Q&A: Healtheway CEO Talks Progress of Carequality, eHealth Initiatives

April 10, 2015
In this Q&A, Mariann Yeager, CEO of Healtheway, explains the nonprofit’s two big initiatives: Carequality and the eHealth Exchange. She talks about the progress both efforts have made in advance interoperability in healthcare.

Interoperability is all around us. That’s where it can get confusing.

There are countless interoperability initiatives in operation today. Whether it’s a dedicated health information exchange, a standards development workgroup, or something else, they’re going on at both the national and regional levels across the country, from private and public stakeholders. Some of them bleed into each other and others are competing. Some organizations run multiple interoperability efforts.

Such is the case for one of the industry’s more well-known administrators of interoperability, Healtheway, a nonprofit organization based in McLean, Va., that runs the Carequality and eHealth Exchange initiatives. Healthcare Informatics Senior Editor Gabriel Perna recently spoke with Mariann Yeager, CEO of Healtheway, to get a better idea of those initiatives, what the organization does in each, and how they are progressing on advancing interoperability.  Below are excerpts from that interview.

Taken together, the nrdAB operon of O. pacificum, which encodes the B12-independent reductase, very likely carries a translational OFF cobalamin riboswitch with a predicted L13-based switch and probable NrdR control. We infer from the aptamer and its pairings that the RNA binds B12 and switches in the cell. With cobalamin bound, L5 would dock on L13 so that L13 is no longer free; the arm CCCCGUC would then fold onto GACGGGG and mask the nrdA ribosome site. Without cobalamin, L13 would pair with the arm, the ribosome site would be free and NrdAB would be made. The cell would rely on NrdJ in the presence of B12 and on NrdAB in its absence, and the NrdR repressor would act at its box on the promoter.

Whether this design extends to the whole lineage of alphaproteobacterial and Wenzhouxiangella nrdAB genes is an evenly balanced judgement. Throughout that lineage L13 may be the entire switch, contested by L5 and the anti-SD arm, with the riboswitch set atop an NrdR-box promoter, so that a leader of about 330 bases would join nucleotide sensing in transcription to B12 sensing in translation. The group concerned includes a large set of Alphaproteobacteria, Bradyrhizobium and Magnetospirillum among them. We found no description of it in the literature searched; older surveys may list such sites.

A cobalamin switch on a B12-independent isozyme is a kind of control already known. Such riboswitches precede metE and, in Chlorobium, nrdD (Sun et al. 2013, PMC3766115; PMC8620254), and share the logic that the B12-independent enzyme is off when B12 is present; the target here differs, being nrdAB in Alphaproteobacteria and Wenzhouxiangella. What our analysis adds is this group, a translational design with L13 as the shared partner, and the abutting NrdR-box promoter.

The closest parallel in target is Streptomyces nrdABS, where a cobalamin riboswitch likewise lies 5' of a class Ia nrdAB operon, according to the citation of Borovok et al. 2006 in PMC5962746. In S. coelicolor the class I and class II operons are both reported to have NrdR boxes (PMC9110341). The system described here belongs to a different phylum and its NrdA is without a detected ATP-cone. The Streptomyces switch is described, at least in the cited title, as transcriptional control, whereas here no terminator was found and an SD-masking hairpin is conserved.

Healtheway has two major initiatives – Carequality and the eHealth Exchange. For our readers, can you explain how these initiatives differ?

We support two initiatives. One is the eHealth Exchange. The simplest way to think of the eHealth Exchange is it’s the country’s largest health information exchange network, which enables the federal government and private sector to really share records using a common governance structure and a common framework. It connects 30 percent of U.S. hospitals, 10,000 medical groups, and one hundred million patients. It’s a completely federated network. There is not a centralized connection point. It’s an open, interoperable approach using standards.